Manitoba expands support to Dauphin At-Risk Teens (DART) program
The Manitoba government has announced it is increasing its support to the Dauphin At-Risk Teens (DART) program, which co-ordinates police, social service agencies and community organizations to support at-risk youth and their families.
September 19, 2018 By Staff
“By identifying and addressing the root cause of crime, DART continues to make a measurable and positive difference for young people and their families,” said Justice Minister Cliff Cullen. “This collaboration helps end cycles of crime, putting youth and their families on the path to long-term health and success. Our government is proud to announce an annual funding increase of $50,000 to support and expand this important work.”
DART has been working in the community for 10 years. Its clients are young people aged 12 to 17 and their families who are showing high-risk behaviours and may already have existing relationships with community agencies or previous involvement with law enforcement.
Under the DART model, all of the partners work with the youth and their family to identify the issues at the root of the problem and develop a comprehensive plan to improve their lives. This may include addictions treatment support, mental health supports, probation services or parenting supports.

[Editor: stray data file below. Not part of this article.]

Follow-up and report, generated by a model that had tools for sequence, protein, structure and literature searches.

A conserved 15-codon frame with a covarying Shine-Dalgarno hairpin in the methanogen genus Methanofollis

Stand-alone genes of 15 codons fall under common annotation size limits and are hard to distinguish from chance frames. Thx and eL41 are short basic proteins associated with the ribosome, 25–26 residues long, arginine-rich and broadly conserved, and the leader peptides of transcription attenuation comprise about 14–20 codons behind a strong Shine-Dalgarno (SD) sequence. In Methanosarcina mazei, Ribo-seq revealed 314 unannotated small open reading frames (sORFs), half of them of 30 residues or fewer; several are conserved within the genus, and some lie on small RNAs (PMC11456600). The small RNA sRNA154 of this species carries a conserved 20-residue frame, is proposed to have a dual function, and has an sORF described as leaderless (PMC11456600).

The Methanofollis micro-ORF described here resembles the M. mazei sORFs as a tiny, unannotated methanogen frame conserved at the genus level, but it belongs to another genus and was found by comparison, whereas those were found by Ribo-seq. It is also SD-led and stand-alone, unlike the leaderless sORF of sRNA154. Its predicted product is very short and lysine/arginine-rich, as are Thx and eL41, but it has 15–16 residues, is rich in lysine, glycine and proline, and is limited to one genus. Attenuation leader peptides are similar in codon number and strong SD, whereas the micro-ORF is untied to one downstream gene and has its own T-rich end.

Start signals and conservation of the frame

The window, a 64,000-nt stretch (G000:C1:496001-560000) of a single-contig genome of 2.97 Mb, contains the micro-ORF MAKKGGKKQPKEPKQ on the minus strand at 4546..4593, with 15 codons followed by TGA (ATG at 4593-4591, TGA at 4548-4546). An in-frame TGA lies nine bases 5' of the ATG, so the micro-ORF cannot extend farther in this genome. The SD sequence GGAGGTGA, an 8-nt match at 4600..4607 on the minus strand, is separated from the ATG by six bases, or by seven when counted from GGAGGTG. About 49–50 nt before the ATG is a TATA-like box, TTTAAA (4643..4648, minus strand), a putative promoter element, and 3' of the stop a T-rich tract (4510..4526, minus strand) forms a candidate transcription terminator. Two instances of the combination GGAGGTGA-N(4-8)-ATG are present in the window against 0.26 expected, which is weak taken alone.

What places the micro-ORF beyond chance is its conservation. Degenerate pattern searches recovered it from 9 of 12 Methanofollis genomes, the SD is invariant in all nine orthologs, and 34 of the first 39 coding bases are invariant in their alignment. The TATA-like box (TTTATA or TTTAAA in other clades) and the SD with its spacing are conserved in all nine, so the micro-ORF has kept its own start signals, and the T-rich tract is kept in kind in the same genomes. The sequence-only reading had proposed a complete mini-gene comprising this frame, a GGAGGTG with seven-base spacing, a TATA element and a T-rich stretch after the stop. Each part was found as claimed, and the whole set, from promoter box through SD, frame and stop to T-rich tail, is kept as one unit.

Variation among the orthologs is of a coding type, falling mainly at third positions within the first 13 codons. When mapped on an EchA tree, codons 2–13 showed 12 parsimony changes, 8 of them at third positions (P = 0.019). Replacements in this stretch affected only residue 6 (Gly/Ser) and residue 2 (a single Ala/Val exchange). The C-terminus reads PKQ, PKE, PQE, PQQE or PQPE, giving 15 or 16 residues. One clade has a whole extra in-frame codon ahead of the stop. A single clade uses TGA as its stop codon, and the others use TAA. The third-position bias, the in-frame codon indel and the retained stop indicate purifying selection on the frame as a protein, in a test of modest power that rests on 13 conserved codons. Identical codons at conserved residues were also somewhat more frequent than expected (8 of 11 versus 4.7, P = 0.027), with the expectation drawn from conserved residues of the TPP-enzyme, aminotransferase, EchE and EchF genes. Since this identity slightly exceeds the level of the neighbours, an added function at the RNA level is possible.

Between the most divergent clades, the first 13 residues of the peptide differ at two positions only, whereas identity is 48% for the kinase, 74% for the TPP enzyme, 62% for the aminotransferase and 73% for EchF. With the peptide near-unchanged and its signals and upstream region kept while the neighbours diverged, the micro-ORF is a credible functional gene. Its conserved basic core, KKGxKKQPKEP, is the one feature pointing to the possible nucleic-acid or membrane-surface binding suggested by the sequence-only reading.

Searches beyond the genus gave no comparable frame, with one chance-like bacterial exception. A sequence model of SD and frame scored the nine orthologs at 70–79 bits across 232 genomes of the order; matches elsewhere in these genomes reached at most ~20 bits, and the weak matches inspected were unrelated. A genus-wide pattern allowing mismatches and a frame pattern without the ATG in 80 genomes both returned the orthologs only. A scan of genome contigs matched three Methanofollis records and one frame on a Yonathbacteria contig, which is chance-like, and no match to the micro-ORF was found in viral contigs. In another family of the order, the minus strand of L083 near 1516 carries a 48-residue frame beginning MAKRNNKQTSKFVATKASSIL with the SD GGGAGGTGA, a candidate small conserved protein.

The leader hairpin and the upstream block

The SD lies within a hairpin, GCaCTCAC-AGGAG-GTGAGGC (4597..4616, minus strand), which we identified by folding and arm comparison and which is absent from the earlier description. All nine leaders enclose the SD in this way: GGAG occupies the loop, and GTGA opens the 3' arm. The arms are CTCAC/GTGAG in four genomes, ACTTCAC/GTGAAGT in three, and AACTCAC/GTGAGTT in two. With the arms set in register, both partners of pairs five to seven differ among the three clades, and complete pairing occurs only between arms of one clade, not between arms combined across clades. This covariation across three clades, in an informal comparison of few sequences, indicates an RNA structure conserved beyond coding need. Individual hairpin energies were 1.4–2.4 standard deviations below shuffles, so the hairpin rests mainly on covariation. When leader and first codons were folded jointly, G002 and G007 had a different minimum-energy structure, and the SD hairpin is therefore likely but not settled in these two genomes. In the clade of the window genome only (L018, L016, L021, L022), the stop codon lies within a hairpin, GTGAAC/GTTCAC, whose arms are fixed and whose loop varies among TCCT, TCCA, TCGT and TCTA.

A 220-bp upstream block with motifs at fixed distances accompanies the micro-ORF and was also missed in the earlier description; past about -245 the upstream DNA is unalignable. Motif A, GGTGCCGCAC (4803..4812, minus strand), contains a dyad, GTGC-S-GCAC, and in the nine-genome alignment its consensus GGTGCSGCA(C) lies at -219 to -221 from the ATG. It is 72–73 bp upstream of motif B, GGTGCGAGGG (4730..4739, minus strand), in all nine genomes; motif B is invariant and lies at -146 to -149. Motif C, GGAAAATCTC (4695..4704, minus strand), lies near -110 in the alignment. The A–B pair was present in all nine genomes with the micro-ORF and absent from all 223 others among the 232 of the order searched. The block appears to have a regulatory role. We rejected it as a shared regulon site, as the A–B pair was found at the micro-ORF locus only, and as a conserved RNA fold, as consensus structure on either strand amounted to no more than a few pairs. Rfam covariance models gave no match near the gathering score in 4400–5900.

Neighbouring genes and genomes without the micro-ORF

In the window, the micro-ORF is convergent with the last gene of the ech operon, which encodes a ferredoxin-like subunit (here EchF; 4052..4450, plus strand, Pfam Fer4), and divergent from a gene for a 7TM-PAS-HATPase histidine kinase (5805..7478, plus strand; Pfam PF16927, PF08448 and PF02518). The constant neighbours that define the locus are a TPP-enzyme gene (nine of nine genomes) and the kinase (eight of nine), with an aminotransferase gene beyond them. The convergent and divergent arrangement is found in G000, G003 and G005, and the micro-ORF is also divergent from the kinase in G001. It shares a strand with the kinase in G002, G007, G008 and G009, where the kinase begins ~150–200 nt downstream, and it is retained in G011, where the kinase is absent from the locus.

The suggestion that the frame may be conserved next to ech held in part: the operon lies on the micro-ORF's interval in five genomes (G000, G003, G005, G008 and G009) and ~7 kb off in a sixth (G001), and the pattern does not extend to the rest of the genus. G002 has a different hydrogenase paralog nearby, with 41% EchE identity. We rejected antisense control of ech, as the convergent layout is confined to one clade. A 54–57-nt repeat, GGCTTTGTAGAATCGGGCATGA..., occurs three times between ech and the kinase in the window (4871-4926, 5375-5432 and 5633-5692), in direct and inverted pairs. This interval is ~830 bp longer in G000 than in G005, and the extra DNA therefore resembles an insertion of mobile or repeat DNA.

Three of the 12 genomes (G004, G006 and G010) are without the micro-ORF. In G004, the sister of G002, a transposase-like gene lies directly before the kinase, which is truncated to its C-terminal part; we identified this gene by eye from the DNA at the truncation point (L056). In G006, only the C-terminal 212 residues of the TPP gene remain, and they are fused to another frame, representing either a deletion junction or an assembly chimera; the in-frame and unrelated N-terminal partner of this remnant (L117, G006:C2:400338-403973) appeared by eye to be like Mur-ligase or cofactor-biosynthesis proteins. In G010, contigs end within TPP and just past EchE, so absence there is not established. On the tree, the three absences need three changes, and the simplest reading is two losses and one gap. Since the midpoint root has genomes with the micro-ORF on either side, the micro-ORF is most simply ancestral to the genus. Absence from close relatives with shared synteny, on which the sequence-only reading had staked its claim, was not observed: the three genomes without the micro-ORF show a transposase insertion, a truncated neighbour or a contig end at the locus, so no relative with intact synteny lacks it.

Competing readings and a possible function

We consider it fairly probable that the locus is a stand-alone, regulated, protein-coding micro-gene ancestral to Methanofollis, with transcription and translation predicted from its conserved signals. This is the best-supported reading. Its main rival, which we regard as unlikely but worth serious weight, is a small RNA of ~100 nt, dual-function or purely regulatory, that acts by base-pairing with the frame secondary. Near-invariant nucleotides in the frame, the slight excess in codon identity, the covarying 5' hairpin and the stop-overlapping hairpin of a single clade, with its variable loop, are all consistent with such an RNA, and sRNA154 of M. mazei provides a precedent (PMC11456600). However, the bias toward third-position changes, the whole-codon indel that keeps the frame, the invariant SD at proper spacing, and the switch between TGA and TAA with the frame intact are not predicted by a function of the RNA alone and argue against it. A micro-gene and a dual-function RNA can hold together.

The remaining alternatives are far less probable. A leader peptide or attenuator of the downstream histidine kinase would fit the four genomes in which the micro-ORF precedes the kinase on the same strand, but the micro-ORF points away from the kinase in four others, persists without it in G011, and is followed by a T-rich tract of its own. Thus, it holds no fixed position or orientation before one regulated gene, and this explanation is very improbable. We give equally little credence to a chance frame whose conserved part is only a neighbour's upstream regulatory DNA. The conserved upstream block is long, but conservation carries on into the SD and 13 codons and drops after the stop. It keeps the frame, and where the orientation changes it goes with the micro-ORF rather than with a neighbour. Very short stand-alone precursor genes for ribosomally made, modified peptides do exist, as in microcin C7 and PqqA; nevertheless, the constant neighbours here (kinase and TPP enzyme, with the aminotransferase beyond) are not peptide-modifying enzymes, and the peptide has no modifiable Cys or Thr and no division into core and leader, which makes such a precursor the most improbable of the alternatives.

“The DART program has established itself as a key component in the effective implementation of services for at-risk youth in our community,” said Susie Secord, DART chairperson. “From both an operational and management perspective, DART has not only served to bring agencies together and reduce the proverbial red tape, but encouraged a climate whereby partnerships are forged. This is a win-win situation when dealing with high-risk youth. It streamlines the process and allows for a more efficient and effective response from all the involved agencies.”
DART is modelled after the Selkirk Team for At-Risk Teens program, which was found to reduce youth re-involvement with police, improve their family and living situation, improve school attendance and participation, and ensure clients had successful safety plans, among other benefits. DART will continue to receive a $5,000 annual grant from the Manitoba government in addition to its new funding.
Cullen noted community mobilization projects like DART support the goals of the province’s Criminal Justice System Modernization Strategy, released in March, which prioritizes evidence-based investments to reduce crime and support community safety.
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